India: Madurai, Tamil Nadu

Ah, Madurai – my favourite city in Tamil Nadu!  Madurai was also the halfway point in our tour of South India, and our last stop in Tamil Nadu before we moved into the state of Kerala.

We started our day at the glorious Palace of Thirumalai Nayak, with our elegant guide, Meenakshi:


The palace is the perfect spot to visit if you’ve recently developed an obsession with ceiling mandalas and Mughal arches:





They keep bees in some of the arches:


One of the largest rooms has now been established as a sculpture gallery, showing beautiful stone carvings and bronzes from across India’s history.  I think I looked at the arches more than the sculptures:


Back out and into the bustling city!  On our drive through town, we were taken through the market streets, where several of the streets are set up as vegetable shops. For example, the street that’s nothing but onion vendors:



And the banana street:

And on every corner, eggs or veggies for sale:


We parked and walked our way over to the most beautiful (and impressive!) temple I saw in South India: the Meenakshi Temple. En route I managed to see chalk mandalas on the ground:

And had to be prodded to look up at the awe-inspiring gopurram of the temple:

Inside the temple complex was a beautiful tree shrine, where women would leave offerings as a prayer to become pregnant:

In some of the complex buildings, people were worshiping or learning to worship:

Above them were stunning ceiling mandalas — painted with natural veggie dyes:


In the main buildings it was quite dark, and filled with people there to worship:


And my favourite floor mandala of the trip:

After the fantastic temple visit, our guide Meenakshi took us to a local tailor – where we had outfits made out of the local wash-and-wear cotton-silk blend that they weave in the workroom behind the shop:

These are all silks — you want them:

And after playing with fabric, we headed back to the hotel for fortification.

We had a delicious buffet lunch — and I managed to grab some guava salad (on the left):

Meenakshi told us it was traditional, and made with guavas, chilis, garlic, onions, and lime juice. YUM.

I also had a great paneer, in a sweet-savoury and creamy sauce (probably Paneer Makhani):

My only complaint about Madurai would be the booze at our hotel.  We were served a glass of domestic red wine that was actually transparent (note to travelers, try the Golconda at your own risk – shudder).


We thought we’d make up for the wine with a Kingfisher — because really, how can you go wrong with bottled domestic beer that you know and love?   When the waiter served the beer, he added such a proud flourish that the bottle (not the glasses) ended up becoming filled with head.  I didn’t even know this was possible!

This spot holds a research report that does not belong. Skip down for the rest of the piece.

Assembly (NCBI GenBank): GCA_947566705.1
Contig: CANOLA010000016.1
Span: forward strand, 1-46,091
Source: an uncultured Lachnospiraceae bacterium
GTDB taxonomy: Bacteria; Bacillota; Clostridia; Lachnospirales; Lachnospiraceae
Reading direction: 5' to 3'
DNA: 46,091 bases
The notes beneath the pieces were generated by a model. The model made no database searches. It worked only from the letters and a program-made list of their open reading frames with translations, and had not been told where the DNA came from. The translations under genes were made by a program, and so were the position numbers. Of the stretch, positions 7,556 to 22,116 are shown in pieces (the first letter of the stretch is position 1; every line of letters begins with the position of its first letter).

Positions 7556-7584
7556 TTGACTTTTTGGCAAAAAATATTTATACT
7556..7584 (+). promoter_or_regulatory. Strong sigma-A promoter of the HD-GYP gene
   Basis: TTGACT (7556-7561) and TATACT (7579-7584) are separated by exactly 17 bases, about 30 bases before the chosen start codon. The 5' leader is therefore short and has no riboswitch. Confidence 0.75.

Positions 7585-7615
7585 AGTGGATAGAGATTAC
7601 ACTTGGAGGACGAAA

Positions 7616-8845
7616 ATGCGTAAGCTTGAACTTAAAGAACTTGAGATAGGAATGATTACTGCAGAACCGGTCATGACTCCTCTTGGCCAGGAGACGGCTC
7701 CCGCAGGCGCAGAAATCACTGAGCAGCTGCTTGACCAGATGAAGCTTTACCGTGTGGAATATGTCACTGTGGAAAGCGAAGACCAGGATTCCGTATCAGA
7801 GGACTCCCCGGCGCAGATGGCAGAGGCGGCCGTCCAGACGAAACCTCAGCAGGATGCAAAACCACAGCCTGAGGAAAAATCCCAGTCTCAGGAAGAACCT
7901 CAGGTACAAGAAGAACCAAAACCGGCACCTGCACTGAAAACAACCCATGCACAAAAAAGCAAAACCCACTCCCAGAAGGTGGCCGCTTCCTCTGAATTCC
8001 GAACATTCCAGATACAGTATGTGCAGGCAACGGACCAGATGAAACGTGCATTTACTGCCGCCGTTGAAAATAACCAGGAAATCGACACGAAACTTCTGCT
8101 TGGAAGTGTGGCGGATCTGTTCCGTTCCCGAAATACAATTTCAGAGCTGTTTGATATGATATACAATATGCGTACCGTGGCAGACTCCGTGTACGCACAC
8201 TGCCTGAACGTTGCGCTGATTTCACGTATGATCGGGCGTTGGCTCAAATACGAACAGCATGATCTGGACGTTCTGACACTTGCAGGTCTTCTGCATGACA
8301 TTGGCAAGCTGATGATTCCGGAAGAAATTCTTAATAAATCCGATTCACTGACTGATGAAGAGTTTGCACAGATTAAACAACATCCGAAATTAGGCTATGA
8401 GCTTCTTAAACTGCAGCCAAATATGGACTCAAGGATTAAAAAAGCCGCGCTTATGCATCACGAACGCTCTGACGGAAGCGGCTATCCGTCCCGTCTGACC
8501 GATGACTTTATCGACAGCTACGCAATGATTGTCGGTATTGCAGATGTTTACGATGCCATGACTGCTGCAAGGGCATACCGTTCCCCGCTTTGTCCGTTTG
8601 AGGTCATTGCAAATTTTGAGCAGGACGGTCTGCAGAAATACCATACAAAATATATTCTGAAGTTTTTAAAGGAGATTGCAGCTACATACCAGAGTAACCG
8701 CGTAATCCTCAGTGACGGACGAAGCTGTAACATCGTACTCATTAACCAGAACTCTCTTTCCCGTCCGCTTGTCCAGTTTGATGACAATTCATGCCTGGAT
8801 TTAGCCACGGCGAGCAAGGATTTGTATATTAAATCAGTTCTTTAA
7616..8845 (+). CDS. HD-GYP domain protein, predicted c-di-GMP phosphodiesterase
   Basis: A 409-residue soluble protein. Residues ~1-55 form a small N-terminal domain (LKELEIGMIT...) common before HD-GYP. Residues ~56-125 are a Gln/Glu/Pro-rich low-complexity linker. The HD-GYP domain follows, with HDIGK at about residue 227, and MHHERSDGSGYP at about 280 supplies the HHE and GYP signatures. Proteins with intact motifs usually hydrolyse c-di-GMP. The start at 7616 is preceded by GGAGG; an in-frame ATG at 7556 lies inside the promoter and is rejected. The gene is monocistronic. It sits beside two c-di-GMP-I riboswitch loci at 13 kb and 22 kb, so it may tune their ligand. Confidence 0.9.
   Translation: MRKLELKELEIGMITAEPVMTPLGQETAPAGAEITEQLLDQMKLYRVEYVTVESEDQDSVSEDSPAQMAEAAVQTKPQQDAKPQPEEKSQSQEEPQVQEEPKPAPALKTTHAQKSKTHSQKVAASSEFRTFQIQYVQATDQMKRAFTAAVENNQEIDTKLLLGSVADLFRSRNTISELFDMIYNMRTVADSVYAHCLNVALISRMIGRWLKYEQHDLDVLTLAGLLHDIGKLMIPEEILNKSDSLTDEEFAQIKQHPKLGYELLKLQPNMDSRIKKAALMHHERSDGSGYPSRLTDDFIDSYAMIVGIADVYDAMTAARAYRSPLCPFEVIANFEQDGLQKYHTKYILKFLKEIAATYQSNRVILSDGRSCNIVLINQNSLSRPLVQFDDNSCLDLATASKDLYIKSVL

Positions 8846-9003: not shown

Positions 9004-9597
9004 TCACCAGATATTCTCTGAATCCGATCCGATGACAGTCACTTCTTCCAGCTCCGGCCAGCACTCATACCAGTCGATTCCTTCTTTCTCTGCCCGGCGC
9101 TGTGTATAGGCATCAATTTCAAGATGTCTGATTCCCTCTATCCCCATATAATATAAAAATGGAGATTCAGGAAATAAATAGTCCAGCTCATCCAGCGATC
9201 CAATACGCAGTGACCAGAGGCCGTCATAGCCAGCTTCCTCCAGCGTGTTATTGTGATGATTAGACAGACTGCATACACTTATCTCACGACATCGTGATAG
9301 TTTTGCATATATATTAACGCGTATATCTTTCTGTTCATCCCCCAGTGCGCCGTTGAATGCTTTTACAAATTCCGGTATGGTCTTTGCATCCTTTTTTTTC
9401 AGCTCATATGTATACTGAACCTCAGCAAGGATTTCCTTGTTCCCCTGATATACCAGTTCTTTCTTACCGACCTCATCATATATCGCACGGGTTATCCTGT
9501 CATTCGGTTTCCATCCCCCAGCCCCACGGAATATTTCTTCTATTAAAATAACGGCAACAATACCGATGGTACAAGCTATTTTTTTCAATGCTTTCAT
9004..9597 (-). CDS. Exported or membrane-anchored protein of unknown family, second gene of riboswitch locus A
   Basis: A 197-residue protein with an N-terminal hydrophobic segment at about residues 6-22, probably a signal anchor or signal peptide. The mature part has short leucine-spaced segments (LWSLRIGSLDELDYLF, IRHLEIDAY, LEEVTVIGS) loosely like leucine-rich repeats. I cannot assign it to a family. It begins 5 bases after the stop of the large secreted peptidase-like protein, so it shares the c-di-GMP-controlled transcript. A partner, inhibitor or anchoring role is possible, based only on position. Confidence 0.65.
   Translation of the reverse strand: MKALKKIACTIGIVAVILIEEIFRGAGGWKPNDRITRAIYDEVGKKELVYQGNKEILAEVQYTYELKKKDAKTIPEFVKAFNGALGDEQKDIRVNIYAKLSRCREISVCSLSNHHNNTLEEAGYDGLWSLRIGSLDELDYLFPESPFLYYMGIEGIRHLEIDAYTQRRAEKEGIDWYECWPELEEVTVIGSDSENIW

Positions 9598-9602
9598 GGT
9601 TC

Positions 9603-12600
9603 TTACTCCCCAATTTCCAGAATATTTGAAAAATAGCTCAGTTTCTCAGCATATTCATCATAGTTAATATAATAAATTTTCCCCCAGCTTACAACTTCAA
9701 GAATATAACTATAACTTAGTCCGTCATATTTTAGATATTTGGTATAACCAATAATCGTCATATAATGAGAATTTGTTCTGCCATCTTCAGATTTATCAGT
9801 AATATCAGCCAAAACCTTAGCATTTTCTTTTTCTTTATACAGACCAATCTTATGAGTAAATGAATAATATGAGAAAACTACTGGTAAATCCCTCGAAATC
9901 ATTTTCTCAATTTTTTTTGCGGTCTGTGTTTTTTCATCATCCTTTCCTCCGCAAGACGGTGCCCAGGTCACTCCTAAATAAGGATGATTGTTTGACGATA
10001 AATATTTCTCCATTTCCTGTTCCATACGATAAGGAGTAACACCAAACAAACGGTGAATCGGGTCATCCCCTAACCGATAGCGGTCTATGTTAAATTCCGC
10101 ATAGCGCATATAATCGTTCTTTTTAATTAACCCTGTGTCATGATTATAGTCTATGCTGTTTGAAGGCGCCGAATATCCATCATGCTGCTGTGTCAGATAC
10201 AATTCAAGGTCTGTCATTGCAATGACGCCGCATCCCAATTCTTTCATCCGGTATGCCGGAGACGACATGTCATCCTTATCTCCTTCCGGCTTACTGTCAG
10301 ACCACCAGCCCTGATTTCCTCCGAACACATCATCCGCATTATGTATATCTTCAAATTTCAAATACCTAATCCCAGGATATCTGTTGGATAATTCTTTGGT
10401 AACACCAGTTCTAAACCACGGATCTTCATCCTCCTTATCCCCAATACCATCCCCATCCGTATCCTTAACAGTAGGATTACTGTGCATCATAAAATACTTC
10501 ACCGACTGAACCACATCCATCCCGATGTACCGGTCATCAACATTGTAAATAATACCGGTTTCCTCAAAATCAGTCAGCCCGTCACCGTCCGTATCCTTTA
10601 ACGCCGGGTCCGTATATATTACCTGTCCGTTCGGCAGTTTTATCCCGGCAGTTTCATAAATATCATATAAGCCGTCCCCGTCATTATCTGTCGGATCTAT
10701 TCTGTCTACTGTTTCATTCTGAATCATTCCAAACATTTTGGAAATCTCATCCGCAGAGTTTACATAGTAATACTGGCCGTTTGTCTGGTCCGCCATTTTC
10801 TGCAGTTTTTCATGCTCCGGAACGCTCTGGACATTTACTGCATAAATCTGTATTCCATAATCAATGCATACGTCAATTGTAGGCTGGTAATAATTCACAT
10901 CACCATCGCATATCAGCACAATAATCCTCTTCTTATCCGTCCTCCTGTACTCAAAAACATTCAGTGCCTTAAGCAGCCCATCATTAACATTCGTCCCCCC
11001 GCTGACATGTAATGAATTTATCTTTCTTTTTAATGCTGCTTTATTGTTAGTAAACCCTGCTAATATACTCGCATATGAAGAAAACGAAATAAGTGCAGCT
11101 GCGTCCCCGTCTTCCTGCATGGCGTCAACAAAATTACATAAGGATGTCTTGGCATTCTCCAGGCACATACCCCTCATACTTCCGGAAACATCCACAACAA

How can you complain about booze though, when you’re in a city that smells so good? Meenakshi told us that Madurai was known as the “honey city” because it smelled of jasmine.  I had never smelled fresh jasmine before, and Madurai is known for it.  Women wear fresh jasmine in their hair for beauty and perfume.  I even saw gorgeous jasmine braids on the backs of lovely sari-clad ladies on motorcycles during the rush hour commute!  Our driver saw how captivated I was by the smell, and took us to the flower market.

We parked in the rice distribution warehouse area:


And then wandered over to the flower market, where we found many men sitting with their bags of freshly picked flowers:



Many flowers were sold as is, but there were also vendors stringing garlands you could buy:

We also saw what happened to the flowers at the end of the day — they made the most gorgeous garbage pile you’ve ever seen:

My sweetie thought I needed to act out a bit of “when in Rome” and treated me to some Jasmine for my hair. I simply couldn’t stop sniffing it!

And I also found the lone yarn shop in town (hey my Rominette friends, this one’s for you):

Ah Madurai. I wish we could have spent longer there exploring. I would have loved to spend even more time at the Meenakshi temple, and to spend more time prowling through the city. If I manage to make it back to South India, I will definitely make sure there’s ample time for Madurai!

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Categories: Travel


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2 Comments on “India: Madurai, Tamil Nadu”

  1. Bonnie Duchscherer
    April 30, 2012 at 9:18 pm #

    I hope this travel goes on for some time, the pictures and descriptions are so great for us armchair travelers, what an incrediable experience you are having, thanks for sharing.
    Cheers and be safe, Bonnie

    • April 30, 2012 at 9:52 pm #

      Hey Bonnie!! You’ll get another half dozen (or so) India blog posts 🙂 lots more adventures to share!!

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